As children progress in their writing, teachers follow an approach to the teaching of writing which will include elements of the diagram below depending on need:
a hook > good example (WAGOLL) > analysis > teaching of appropriate grammar and punctuation > modelling / talk for writing first draft > peer / class / teacher critique/ feedback marking > redrafting > editing > presentation of outcome
Longlands Primary School uses Engaging Science which is a Primary scheme of work based on the principles that:
Science is best taught through practical sessions and investigation
Pupils should be encouraged to think both scientifically and creatively
Curiosity, wonder, humour and even disgust are emotions that build engagement in science
Science should take advantage of the many opportunities the outdoor environment offers to learn science in context
The teaching of science should be rigorous and ensure that pupils of all abilities make progress
Assessment in science should be based on what pupils demonstrate they can do in lessons rather than on tests.
For further information on Engaging Science, please visit the link https://engagingscience.co.uk/e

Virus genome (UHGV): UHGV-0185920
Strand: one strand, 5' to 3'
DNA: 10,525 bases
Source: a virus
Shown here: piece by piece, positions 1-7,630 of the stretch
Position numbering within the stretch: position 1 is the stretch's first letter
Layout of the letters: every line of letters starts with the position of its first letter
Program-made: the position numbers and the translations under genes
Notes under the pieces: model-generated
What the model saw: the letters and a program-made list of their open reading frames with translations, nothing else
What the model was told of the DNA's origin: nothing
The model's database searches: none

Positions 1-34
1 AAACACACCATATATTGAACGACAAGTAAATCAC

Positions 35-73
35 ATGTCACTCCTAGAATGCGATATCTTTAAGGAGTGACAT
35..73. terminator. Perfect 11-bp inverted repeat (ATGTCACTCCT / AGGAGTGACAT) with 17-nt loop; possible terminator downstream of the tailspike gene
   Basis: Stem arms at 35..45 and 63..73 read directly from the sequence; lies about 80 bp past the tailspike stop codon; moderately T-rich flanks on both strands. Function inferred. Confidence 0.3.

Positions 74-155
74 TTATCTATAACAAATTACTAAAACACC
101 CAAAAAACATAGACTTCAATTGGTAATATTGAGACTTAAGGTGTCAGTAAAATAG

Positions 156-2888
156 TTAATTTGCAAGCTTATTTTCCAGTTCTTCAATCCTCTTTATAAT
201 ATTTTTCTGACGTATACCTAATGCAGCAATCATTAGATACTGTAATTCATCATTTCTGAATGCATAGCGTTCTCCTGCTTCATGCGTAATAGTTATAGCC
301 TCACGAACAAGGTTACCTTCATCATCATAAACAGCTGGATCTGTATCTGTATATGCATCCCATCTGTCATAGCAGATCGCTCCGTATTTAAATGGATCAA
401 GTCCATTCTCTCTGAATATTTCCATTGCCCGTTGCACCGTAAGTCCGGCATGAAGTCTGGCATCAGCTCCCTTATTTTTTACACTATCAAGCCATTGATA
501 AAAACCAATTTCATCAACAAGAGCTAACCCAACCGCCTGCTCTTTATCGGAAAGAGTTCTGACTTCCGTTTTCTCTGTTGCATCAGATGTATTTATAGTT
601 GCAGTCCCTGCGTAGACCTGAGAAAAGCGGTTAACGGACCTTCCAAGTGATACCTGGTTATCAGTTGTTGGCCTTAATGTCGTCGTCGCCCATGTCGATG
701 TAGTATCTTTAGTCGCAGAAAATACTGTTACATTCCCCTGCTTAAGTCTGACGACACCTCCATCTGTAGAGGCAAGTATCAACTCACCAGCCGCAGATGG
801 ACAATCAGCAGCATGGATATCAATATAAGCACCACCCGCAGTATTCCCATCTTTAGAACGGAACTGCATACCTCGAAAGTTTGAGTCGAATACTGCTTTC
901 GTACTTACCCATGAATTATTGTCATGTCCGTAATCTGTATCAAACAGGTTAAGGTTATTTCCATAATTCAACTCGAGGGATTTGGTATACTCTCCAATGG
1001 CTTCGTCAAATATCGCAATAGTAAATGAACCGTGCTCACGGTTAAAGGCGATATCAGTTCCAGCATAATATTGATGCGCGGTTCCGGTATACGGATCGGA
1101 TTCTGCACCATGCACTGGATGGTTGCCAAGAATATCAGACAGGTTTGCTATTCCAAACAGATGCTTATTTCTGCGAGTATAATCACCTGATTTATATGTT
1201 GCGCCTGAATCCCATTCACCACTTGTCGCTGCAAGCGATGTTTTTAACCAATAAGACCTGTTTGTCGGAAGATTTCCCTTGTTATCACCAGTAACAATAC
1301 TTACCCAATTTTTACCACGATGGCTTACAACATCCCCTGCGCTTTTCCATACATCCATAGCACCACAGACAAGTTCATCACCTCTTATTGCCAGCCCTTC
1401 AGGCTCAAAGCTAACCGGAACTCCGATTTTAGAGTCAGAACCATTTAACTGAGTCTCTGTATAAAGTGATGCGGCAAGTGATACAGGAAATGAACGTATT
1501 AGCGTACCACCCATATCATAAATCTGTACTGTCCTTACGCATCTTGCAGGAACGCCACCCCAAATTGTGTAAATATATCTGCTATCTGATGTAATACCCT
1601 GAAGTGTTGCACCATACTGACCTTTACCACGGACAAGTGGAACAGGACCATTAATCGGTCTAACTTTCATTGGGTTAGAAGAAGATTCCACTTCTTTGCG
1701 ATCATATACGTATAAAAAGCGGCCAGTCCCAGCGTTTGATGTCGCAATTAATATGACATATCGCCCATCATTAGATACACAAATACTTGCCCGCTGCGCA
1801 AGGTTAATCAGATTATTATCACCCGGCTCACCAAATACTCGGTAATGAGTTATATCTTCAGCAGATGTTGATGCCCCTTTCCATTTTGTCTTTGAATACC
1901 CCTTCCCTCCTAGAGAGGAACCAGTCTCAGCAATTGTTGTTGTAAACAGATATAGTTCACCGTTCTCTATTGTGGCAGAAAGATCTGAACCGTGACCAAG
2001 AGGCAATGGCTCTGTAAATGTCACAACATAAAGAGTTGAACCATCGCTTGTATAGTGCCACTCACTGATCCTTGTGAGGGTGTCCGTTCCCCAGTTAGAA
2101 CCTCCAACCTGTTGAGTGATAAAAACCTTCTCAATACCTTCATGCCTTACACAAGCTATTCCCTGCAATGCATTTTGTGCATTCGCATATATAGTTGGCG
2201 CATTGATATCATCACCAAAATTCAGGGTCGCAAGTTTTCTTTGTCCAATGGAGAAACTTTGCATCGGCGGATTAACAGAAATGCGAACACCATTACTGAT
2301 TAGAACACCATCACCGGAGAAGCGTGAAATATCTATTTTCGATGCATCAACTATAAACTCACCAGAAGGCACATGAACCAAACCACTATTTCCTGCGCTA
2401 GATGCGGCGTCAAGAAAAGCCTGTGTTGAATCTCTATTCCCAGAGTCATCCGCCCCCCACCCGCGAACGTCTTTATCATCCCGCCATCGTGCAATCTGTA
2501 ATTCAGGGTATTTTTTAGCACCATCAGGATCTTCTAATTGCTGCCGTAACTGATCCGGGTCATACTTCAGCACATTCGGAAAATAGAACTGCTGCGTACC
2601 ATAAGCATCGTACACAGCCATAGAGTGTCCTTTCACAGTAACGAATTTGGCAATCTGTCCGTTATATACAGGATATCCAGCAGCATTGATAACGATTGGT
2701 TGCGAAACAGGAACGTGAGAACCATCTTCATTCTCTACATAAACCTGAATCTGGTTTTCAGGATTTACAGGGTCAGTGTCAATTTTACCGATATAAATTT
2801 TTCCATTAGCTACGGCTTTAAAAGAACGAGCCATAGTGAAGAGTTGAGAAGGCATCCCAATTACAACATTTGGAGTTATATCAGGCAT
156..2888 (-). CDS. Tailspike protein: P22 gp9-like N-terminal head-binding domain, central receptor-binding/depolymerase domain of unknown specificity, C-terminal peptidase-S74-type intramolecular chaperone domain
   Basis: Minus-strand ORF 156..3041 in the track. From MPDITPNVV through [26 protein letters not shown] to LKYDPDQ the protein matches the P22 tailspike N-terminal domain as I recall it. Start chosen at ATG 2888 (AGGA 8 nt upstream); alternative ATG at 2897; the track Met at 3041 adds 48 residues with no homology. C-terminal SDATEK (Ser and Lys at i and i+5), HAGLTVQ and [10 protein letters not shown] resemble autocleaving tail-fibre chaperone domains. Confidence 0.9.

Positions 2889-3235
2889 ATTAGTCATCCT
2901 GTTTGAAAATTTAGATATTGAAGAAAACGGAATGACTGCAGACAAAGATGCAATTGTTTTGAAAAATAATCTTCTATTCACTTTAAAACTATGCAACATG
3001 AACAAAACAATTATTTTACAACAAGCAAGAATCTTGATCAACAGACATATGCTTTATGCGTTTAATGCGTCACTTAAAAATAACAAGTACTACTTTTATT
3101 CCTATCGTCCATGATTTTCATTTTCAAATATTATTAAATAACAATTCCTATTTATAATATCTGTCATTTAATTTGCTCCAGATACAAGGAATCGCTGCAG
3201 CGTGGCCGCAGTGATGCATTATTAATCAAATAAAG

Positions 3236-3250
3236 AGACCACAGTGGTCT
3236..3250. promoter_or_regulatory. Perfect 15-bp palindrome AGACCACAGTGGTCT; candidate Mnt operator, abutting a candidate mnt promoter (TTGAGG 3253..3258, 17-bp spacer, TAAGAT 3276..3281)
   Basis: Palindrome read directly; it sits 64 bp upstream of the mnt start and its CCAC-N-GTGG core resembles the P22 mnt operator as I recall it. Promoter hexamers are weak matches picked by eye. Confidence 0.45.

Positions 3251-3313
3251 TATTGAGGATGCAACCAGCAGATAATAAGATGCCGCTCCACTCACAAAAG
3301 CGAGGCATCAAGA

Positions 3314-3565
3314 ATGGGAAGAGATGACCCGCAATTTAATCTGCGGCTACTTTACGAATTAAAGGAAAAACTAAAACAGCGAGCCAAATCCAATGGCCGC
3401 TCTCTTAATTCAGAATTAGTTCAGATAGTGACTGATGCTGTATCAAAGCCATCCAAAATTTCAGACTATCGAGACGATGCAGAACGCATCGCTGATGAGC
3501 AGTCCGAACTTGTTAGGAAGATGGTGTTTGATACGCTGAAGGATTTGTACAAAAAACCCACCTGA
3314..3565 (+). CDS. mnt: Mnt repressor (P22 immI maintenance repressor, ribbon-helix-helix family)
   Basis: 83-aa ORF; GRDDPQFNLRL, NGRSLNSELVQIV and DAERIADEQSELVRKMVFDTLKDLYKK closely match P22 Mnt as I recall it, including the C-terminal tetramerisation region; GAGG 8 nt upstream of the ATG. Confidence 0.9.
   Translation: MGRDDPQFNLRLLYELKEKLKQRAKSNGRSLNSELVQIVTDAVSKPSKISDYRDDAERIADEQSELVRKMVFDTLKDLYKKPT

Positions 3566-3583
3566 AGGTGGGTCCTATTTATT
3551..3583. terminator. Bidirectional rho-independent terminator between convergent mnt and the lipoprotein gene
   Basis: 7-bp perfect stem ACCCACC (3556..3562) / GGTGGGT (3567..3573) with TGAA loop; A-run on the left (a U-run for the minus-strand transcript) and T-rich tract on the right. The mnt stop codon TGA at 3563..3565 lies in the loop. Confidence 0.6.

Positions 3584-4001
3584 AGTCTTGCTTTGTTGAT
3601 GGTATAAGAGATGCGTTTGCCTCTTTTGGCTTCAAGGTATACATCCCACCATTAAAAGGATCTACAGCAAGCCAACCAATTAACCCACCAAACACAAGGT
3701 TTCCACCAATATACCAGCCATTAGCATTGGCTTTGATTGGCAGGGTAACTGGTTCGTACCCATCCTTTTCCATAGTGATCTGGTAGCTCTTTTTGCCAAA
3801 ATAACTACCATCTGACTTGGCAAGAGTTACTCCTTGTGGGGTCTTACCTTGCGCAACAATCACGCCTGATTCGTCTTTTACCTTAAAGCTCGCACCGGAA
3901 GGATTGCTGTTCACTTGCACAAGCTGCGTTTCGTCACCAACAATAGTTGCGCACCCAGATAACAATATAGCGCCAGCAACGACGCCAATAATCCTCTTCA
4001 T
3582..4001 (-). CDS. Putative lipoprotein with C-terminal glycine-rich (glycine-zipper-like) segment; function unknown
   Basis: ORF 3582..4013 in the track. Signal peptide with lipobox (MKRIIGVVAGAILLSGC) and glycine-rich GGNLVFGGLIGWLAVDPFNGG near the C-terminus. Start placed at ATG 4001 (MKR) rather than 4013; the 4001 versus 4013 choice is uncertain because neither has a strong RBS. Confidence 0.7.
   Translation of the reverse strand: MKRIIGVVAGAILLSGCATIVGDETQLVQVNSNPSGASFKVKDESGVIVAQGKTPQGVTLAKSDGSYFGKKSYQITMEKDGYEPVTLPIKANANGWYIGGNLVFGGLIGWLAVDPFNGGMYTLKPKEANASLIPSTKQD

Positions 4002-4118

The foundation subjects are:
Art and Design
Modern Foreign Languages (Spanish)
All foundation subjects are planned using the Chris Quigley Essentials Skills and Knowledge Curriculum statements. This ensures that teaching and learning is sequential, progressive and repetitive to make sure that our pupils embed the specific subject related skills. Subjects may be taught explicitly or as part of topic work.
Personal, Social, Health and Economic Curriculum
Below is an outline of how we at Longlands Primary School promote British values, and support the spiritual, moral, social and cultural development of all pupils.
PHSE and Citizenship
Below is an outline of what is covered as part of our PHSE curriculum in each term, and in each year group.
Some of the topics are covered as discreet PHSE lessons, and others are incorporated into other areas of the curriculum.
Not all of the topics will be covered every year; issues are addressed on a rolling programme, re-visited at different depths, and are often moved to different times of the year according to the needs of the pupils.
For more detail about the current topics, please refer to the class pages under the Parents and Pupils section on our website, which will be updated momentarily to reflect the new term. In the meantime an overview of what each class will be working on this spring term in some of their foundation subjects can be found by clicking here.